The -20.5% on the XBI ETF, seen as the gauge for smidcap bios, in 2021 was already bad by itself, but even more striking was the massive underperformance versus the main indices like S&P500 (approximately +27%) or the Nasdaq Composite (approximately +21%), which makes the sector performance even worse. The very same phenomenon occurred in Europe, with a mean performance of -16% for nano-to-smid bios in Europe, when all the regional indices jumped from 14% (UK FTSE 100) up to 29% (French CAC 40). In short, there was a clear sector rotation detrimental to healthcare vs other sectors and recovery plays in 2021.
For the sector overhangs, it seems the regulatory concerns (stricter scrutiny of M&A operations with respect to competition) were seemingly mostly overdone, unless the acquirer refrained themselves upstream, potentially participating so the slow M&A activity seen in the sector in 2021 [Evaluate 2022 Preview, SVB Healthcare Investments & Exits Annual 2022, EY M&A Firepower Report 2022]. Some political threats on drug pricing regulations were cleared in Q3, but it was without counting on the Build Back Better Act at the end of the year. The "BBBA" remains an important topic (as discussed here or there), as potentially being the first very concrete step in the US to address the dug pricing issue.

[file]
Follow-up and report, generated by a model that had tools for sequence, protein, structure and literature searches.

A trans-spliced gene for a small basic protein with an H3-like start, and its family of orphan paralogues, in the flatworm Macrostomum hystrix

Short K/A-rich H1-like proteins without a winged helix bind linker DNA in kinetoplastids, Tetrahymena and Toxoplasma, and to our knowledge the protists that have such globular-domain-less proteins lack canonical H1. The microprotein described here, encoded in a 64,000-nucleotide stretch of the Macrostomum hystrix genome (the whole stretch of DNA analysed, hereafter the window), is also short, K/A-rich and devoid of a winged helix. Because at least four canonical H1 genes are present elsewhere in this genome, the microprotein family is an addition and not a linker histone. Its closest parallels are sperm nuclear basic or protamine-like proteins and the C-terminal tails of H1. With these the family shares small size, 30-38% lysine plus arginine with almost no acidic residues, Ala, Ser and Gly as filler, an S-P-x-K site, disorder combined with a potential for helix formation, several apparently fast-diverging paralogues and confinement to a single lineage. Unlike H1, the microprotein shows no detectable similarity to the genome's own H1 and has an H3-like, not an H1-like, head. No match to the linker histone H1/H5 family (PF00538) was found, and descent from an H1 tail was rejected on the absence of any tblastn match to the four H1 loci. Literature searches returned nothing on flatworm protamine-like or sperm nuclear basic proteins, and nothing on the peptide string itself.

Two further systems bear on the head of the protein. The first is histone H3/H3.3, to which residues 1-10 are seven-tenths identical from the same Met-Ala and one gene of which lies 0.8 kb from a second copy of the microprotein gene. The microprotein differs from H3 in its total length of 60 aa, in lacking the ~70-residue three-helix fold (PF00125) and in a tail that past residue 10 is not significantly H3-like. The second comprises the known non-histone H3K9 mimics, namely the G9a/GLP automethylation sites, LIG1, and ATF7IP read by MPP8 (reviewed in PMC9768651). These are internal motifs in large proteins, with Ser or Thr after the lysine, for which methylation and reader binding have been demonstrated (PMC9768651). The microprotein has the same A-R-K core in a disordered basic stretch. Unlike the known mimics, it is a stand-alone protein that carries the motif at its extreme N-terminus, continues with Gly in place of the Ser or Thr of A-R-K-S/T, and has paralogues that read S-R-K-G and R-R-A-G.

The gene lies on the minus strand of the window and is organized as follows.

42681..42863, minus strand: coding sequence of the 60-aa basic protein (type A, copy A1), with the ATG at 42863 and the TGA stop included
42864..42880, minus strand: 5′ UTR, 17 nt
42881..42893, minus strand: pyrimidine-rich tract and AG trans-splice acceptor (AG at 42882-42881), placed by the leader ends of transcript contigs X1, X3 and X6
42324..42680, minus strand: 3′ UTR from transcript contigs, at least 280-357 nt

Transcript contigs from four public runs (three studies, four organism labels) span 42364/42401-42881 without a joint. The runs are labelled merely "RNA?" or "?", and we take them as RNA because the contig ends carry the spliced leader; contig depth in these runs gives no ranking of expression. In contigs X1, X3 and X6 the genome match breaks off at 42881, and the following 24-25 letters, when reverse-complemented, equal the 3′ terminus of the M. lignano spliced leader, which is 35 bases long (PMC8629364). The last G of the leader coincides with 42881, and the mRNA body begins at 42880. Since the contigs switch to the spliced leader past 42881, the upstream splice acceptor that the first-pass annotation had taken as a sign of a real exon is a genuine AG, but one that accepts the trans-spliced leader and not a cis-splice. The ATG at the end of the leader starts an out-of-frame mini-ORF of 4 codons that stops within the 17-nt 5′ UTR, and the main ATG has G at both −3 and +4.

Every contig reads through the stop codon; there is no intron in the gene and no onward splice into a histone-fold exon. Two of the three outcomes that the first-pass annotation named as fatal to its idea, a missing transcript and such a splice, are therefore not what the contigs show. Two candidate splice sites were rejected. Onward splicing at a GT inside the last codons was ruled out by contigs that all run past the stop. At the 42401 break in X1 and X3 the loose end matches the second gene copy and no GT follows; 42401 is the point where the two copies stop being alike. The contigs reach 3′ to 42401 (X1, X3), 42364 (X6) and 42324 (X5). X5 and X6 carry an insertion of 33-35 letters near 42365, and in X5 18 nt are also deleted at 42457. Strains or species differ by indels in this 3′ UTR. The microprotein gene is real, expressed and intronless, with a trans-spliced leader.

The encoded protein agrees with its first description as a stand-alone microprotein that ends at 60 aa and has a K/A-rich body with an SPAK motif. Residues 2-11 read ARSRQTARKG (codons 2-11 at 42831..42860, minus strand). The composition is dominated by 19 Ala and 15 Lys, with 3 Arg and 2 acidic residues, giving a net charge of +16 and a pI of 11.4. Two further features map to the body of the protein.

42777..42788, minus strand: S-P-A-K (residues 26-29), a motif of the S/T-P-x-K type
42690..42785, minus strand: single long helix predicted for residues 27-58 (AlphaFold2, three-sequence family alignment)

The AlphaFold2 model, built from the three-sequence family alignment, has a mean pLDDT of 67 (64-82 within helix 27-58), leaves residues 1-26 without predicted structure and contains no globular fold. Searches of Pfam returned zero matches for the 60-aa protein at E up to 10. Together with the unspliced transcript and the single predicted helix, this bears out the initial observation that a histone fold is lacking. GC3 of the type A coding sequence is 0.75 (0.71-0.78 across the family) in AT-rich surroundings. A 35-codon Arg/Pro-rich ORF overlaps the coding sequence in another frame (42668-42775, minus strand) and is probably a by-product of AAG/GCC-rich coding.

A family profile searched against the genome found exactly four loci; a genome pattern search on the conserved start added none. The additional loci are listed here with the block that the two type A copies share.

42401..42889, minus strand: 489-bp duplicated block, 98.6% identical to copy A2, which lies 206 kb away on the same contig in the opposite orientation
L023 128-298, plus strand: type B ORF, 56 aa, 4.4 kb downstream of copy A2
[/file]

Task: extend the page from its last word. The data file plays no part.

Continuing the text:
Then, even if this plan is to be executed over several years, is it potentially calling for more important restrictions in the future? Moreover, even if the Aduhelm draft National Coverage Determination, set to "Coverage with Evidence Development" (the most restrictive scenario), is mainly seen as a "one-off" -preliminary- decision, some already fear this could call a broader use of CED, which would indeed be bad for the industry (P.S. the Aduhelm story seems to be far from over yet! Stay tuned for the next episodes!).